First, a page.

He spent months unearthing secrets large and small, tracking rumors around the world and then around it once more. He searched out and caught every silent sideways glance exchanged between politicians and generals. Eyes-only files fluttered open for Arthur; ears-only orders whispered themselves for him. He climbed into the beds of CEOs and crawled out of back alleys with ambassadors. Paper trails and emotional ties and pulled strings and underhanded, under-the-table deals wrapped themselves up in pretty packages under his questing fingers. Dreams unfurled out of him and into others and when they curled back into him, they brought him treasures.
In short: Arthur ruled the world with nobody any the wiser to what he was up to.
He deliberately waited for Eames to be away on his own mission, in a whole other country, to start acting on his plans. Eames knew him too well and Eames was too much of a distraction. Arthur needed his plan to be as clear and concise and efficient as he was when Eames wasn't around.
Which wasn't to say that he didn't have backup plans. He had several. One of them even involved running away, fighting his way free. But he'd never done a dry run, hadn't researched who would be on guard duty, hadn't looked up their run times or their firing range scores or bothered to find anything out about them at all.
It was a mistake he wasn't ever going to repeat, he vowed to himself as paused to reload his M11.
He'd gone in too sure of himself. He had walked in and nodded coolly to the stone-faced men waiting for him. "General, Senator," he'd greeted as he'd laid out the many, many files he'd amassed. "I think you know what this is," he'd said, flipping them all open with the most incriminating photos showing at the very top. "This is my honorable discharge."
"No, son," the General had said. "This is your funeral."
Arthur had always been quick on his feet, ready to react when he sensed danger. He had upset the table and bolted before the guard in the room had squeezed off the first shot.
Still, where the military was good, Arthur was even better and they were damn well going to find that out the hard way. They'd underestimated him even more than he'd suspected. Arthur wasn't actually running away; he was simply taking another route out. He twisted around a corner and flatted himself to the wall, waiting, grabbing a breath while he could. It wasn't going to be easy but it was going to be done. He looked up at the CCTV camera in the hallway. "I wanted to do this the easy way," he said to the people he knew were watching. The camera wasn't actually recording, none of them anywhere on the base was, but he was the only one who knew that. If they were planning to use today against him they'd never get the chance. "We can still do it that way: just rescind the orders."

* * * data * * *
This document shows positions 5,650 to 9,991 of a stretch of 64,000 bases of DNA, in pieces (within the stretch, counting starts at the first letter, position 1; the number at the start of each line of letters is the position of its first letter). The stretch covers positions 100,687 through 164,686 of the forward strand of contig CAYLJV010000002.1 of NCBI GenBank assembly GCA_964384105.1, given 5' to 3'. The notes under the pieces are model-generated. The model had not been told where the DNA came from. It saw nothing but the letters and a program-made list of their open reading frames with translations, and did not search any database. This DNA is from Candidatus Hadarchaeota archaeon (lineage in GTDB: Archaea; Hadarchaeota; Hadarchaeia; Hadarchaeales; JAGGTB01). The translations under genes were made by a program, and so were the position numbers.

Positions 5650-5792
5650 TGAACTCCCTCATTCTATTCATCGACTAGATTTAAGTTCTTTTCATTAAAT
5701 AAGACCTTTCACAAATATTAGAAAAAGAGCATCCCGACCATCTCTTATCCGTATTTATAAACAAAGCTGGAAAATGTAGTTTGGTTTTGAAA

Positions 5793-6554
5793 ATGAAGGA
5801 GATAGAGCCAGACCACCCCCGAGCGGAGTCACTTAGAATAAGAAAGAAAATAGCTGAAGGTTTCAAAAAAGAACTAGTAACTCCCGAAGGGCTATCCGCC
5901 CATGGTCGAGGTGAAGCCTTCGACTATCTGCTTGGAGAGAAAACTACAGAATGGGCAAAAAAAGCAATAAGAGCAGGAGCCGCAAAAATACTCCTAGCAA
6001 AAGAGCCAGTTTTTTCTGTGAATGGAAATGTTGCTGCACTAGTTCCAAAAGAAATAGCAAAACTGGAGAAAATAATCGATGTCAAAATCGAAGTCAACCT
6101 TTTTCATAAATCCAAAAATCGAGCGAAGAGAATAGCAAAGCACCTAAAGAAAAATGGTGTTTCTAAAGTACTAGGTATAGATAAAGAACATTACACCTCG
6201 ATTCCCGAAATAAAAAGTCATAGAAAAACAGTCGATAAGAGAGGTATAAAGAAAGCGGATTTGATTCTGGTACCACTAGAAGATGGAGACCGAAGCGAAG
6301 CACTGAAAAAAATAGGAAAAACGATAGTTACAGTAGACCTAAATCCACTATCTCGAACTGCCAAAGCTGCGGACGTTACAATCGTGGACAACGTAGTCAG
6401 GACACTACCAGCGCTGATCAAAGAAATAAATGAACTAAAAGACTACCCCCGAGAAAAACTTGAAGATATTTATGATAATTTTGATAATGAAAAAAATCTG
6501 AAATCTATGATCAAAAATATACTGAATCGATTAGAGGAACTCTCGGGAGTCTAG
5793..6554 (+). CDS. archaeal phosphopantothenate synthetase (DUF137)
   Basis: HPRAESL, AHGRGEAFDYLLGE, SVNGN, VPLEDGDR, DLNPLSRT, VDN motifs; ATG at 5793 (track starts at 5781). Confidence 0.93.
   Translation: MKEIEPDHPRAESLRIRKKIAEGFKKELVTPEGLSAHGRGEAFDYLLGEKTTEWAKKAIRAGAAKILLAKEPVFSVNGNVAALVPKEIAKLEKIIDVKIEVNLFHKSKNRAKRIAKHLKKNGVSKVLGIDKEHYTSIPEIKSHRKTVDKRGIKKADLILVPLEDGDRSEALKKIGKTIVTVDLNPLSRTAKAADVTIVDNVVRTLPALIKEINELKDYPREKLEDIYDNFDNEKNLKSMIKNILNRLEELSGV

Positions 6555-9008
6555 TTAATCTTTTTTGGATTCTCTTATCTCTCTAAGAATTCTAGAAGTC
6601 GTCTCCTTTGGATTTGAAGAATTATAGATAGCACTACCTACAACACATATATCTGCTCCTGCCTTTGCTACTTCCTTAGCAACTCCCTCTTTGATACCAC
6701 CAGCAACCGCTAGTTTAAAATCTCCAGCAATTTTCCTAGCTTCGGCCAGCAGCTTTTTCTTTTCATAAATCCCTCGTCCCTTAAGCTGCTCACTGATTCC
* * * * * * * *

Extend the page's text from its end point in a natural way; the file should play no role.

The chatter of semi-automatic rounds burst over the clattering of running footfalls. The other soldiers had caught up to him.
"Assholes," Arthur muttered to the camera.
He slid the PASIV case down the hall behind him and swung his arm up, firing automatically as the first soldier rounded the corner. He'd served with Leopold for two years and shot him in the shoulder without blinking. He didn't have time to offer anybody the chance to back him on his bid for freedom. He felled the next man, Scrim, with a shot to the calf. "I could kill them," he said, looking to the camera while the others took a split second to regroup. "I am very deliberately not killing them."
It was mostly true.
Arthur was a good shot at close range and with a small caliber. Give him distance and a harder kick and he ran into problems. It was why he'd led the chase to this spot: it bottlenecked them and gave him the distance he needed while allowing him room to keep running. If things went wrong—even more wrong—he wouldn't be able to afford anybody the courtesy of a flesh wound. The next man that came around got a shot in at Arthur but Arthur had already moved silently, had crept closer. Shooting at Arthur just meant that he overshot and let Arthur break arm at the elbow. The gun fell and so did the soldier. "Sorry," he said, pushing him screaming onto the others behind him.